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A case report of T-box 1 mutation causing phenotypic features of chromosome 22q11.2 deletion syndrome
Clinical Diabetes and Endocrinology volume 5, Article number: 13 (2019)
The heterozygous microdeletion of chromosome 22q11.2 results in a spectrum of disorders, including DiGeorge syndrome (DGS) and velocardiofacial syndrome (VCFS), with phenotypic features that can include the classic triad of congenital heart disease (CHD), thymic aplasia and hypoparathyroidism. Such microdeletions are usually detectable by fluorescence in situ hybridization (FISH).
We report a case of a twenty-three year-old female who presented with clinical features of chromosome 22q11.2 deletion syndrome including cardiac anomalies, hypoparathyroidism and dysmorphic facial features. FISH did not reveal a 22q11.2 microdeletion. Further genetic analysis showed T box-1 (TBX1) heterozygous mutation.
The TBX1 gene plays a significant role in the development of fourth pharyngeal arch structures. Mutations of TBX1, which is found at chromosome 22q11.21 can be responsible for the development of syndromes classically associated with chromosome 22q11.2 deletions. This case emphasizes that the TBX1 gene, among other genes, can be responsible for the developmental anomalies seen in these syndromes.
A wide spectrum of phenotypic features may present as a result of the deletion of chromosome 22q11.2. DiGeorge syndrome (DGS), velocardiofacial syndrome (VCFS), and various other syndromes have been described in association with the deletion involving human chromosome 22q11.2 . The T-box 1 (TBX1) gene, located on chromosome 22q11.21, has a significant role in the differentiation and development of the third and fourth pharyngeal arches into the pharyngeal arch arteries, cardiac outflow tract, thymus, parathyroid glands, and craniofacial structures [2,3,4]. We report a case of a twenty-three year-old female who presented with phenotypic features of 22q11.2 deletion and was found to have heterozygous mutation of the TBX1 gene.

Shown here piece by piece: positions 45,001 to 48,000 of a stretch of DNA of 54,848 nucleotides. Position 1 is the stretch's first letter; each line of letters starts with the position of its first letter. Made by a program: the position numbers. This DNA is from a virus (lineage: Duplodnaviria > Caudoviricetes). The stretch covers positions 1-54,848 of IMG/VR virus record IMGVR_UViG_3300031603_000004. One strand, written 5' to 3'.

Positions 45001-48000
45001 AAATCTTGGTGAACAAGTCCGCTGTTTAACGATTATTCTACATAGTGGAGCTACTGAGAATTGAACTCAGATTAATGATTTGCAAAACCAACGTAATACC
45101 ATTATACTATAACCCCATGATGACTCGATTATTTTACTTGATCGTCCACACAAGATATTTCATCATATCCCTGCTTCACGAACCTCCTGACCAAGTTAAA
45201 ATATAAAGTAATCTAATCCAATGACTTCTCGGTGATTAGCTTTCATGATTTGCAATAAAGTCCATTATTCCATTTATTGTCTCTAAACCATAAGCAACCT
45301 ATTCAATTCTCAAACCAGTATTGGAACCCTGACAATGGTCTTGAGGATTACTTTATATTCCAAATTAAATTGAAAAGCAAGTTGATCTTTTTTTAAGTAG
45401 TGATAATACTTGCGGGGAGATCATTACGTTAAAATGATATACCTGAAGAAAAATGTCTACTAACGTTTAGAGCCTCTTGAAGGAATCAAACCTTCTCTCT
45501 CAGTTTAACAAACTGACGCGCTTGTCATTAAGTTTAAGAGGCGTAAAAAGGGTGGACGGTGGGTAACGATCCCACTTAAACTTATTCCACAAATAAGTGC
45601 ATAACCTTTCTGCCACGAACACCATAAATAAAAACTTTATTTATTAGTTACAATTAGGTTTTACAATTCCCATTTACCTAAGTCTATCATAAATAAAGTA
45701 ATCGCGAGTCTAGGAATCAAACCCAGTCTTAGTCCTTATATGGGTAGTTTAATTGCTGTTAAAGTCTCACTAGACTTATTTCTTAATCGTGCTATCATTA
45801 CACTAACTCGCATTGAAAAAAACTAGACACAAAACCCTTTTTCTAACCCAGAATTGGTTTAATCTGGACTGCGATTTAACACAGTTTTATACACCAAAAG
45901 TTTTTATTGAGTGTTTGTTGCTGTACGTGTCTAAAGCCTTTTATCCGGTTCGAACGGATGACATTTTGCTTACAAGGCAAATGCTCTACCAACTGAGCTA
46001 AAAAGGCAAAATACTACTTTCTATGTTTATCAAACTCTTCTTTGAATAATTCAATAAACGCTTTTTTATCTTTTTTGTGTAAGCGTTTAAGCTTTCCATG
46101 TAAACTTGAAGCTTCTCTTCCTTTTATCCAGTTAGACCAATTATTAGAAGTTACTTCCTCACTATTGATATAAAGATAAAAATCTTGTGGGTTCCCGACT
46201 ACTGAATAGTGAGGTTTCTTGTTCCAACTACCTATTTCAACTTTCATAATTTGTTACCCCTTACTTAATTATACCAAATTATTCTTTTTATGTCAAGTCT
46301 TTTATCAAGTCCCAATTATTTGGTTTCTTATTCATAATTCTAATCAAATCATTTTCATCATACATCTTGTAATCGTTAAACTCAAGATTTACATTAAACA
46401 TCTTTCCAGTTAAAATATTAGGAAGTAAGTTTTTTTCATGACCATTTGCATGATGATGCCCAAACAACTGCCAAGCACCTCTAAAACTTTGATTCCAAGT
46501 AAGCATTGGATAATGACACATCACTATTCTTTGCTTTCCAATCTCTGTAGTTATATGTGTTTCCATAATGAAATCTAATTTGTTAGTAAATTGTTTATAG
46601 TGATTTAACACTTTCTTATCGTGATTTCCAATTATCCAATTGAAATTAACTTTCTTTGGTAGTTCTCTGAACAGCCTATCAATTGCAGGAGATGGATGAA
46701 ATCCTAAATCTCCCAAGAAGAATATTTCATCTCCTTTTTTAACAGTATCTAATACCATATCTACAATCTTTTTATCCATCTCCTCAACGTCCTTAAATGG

A twenty three year-old female presented to transition her care from pediatric to adult endocrinology. At the age of one year, she had presented to her local emergency department with seizures and was found to have serum calcium of 6.7 mg/dL (reference range 8.2–10.2 mg/dL). Her serum phosphorus level at that time was 7.8 mg/dL (reference range 2.3–4.7 mg/dL) and magnesium of 2.3 mEq/L (reference range 1.5–2.5 mEq/L). Testing performed at that time included an intact parathyroid hormone (PTH) level of 15 pg/mL (reference range 10–65 pg/mL), a 25-hydroxyvitamin D level of 61 ng/mL (reference range of 30–80 ng/mL) and a 1,25-dihydroxyvitamin D level of 45 pg/mL (reference range 15–65 pg/mL), consistent with hypocalcemia due to hypoparathyroidism. There was no history of candidiasis. By two years old, she was also diagnosed with multiple other conditions including hydrocephalus, atrial septal defect, bicuspid aortic valve, left kidney agenesis and thoracolumbar scoliosis. She was later diagnosed with learning disabilities including cognitive and attention deficits, no other psychiatric disorders were diagnosed. Her facial features are shown in Fig. 1 and are noticeable for dysmorphism of the nose, flattened philtrum, micrognathia and hypertelorism (not shown in the figure). She did not have palatal or teeth abnormalities. She underwent an immunological evaluation that was unremarkable. Her biochemical thyroid evaluation was also normal. Her hypoparathyroidism has been managed with calcitriol and calcium supplementation. Her corrected calcium levels were maintained in the range of 8.0–9.5 mg/dL. Her last 24-h urinary calcium was 163.5 mg/dL. She has not developed nephrolithiasis, and renal ultrasound is significant only for an absent left kidney. Given the clinical features that were compatible with 22q11.2 deletion, she initially underwent FISH that did not reveal the targeted deletion. She then had bi-directional DNA sequencing that detected a heterozygous mutation (c.1055 C > T; p.Pro352Leu) resulting in a proline to leucine substitution at amino acid 352 in the TBX1 gene.